The familiar voice of Leonardo DiCaprio opens “Before the Flood,” narrating over a set of graphic paintings by Hieronymus Bosch. He explains that they represent his first encounter with the environmental concerns to be subsequently discussed in the documentary, depicting the downward spiral of man from the harmonious Garden of Eden to an apocalyptic future of paradise lost. Just as these images must have haunted his infant mind, the intent of this impassioned documentary is clear – humanity is heading down a destructive path and we need to wake up before it’s too late.
The other relevant analogy suggested by the film’s title is of course the Biblical flood, believed to be God’s punishment for man’s debauchery. Teaming up with director and co-producer Fisher Stevens, DiCaprio attempts to show how we are setting ourselves up for another climate-related disaster. The film follows the movie star – appointed by the United Nations as a Messenger of Peace – as he travels the world to show how climate change affects all of us, from impoverished communities in India, to the more affluent cities of America. Throughout his journey, he speaks with scientists, fellow activists and regular citizens, crafting a compelling argument for necessary action to combat climate change.
As with any persuasive environmental documentary, “Before the Flood” relies heavily on evocative photography to relay its message. And cinematographer Antonio Rossi proves to be up to the task, providing a steady stream of stunning images. Far from a celebrity joy ride around the world – the film’s considerable carbon footprint is offset by a voluntary tax – DiCaprio displays an undeniable passion for the issue at hand. Guiding us through his informative journey, he uses the spectacular footage to show what we stand to lose, as well as the destruction we’ve already caused. Beautiful arctic vistas contrast with horrific expanses of oil sands for example, among countless other memorable sights littered throughout.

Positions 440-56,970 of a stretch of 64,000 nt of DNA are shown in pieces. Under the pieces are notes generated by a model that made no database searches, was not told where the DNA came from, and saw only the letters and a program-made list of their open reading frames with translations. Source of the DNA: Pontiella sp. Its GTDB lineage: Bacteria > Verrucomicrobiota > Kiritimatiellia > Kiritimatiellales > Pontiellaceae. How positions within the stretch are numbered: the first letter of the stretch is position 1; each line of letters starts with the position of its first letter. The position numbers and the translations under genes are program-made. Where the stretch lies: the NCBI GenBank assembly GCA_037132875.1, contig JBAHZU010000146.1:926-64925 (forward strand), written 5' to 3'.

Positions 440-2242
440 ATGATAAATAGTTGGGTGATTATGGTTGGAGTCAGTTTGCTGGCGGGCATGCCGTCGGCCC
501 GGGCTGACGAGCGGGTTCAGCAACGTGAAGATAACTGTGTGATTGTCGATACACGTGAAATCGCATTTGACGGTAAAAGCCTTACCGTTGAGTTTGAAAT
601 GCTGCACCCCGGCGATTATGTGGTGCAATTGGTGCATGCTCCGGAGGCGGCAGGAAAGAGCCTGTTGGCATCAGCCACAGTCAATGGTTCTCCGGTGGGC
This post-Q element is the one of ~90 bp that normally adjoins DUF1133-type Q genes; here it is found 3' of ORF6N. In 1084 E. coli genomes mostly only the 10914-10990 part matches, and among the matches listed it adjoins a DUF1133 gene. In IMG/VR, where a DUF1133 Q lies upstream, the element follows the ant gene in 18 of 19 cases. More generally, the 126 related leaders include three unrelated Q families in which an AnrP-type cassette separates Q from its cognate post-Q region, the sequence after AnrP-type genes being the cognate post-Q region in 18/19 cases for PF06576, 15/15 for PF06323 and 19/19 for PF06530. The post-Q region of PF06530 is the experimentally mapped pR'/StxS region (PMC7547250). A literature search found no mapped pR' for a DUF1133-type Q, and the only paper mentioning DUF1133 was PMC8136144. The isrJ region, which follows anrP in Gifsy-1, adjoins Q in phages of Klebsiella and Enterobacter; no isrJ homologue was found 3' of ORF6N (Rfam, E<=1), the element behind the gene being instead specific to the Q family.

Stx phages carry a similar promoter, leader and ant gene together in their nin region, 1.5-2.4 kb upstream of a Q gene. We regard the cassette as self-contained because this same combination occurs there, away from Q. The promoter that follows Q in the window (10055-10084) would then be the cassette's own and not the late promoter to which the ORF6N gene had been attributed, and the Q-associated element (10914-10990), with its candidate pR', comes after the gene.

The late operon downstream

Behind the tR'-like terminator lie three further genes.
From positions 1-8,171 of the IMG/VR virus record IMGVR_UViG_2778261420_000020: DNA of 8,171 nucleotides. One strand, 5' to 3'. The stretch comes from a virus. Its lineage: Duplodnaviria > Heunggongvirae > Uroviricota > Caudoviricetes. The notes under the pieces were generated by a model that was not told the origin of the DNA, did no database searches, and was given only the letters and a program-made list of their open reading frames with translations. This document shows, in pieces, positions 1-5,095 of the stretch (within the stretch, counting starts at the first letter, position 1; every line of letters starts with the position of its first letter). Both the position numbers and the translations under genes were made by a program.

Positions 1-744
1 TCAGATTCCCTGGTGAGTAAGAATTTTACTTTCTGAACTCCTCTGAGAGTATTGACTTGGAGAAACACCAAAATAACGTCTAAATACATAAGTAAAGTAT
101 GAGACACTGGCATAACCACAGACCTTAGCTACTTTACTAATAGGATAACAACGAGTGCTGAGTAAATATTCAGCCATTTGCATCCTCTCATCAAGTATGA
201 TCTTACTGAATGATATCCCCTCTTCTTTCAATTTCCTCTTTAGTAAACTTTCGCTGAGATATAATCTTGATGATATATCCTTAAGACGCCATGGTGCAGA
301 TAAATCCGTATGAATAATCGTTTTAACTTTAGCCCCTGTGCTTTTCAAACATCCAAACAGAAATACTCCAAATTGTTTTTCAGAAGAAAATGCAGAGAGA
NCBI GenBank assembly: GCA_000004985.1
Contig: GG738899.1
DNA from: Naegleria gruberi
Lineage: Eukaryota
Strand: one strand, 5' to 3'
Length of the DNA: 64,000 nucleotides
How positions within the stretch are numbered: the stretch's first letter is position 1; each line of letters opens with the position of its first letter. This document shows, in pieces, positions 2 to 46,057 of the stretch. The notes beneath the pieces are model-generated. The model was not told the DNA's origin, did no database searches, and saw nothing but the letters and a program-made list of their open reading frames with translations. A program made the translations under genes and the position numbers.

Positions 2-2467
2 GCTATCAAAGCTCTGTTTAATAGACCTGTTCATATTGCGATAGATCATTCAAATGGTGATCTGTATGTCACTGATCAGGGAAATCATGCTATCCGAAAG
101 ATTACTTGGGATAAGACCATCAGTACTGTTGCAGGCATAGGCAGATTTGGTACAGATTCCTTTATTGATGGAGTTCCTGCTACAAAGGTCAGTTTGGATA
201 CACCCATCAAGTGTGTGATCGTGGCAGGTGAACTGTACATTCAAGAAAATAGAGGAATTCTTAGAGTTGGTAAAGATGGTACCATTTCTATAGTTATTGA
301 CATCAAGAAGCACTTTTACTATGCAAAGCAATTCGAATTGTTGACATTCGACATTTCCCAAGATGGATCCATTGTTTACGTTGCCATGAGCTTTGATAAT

For many viewers, these images will provide the film’s lasting impressions. Indeed, much of the climate science explained in the film will feel like “Climate Change 101” to more informed individuals, especially considering what we’ve already learned from other documentaries (and from simply being engaged members of society). But the other key strength of the film is the way it provides a balanced perspective. In particular, the film delves into the crucial predicament facing developing countries. Though they are disproportionately affected by climate change in a negative way, they must also consider their own need to industrialize to provide food, water and electricity for their people. In one vitally candid interview with Indian environmentalist Sunita Narain, she explains how third world countries often lack the resources to pursue alternatives to cheaper, more abundant fossil fuels like coal. For them, the primary concern is the alleviation of poverty.
As such, the film also stresses the responsibility of developed nations like the US in promoting investments in renewable energy and fostering sustainable development. But despite irrefutable evidence acknowledging the effects of climate change, the film strikes a sobering blow in reminding us of the prevalence of corrupt individuals and corporations who are misleading the public. These damning clips of influential individuals spewing dangerously facile rhetoric to deny climate change offer convincing support for DiCaprio’s pessimistic outlook.
But it’s not all doom and gloom however, as “Before the Flood” ends with a message of hope, highlighting the positive steps we all can take to alleviate climate change. In that regard, DiCaprio saves his most urgent plea for last, imploring us to help enact change with the power of our vote. And with earlier footage depicting one presidential candidate (the infamous Donald Trump) using a platform to denounce climate change based on one cool day, the film further confirms who the right choice for our future will be.
“Before the Flood” is currently playing in select theaters and premieres Oct. 30 at 9 p.m. ET on National Geographic Channel.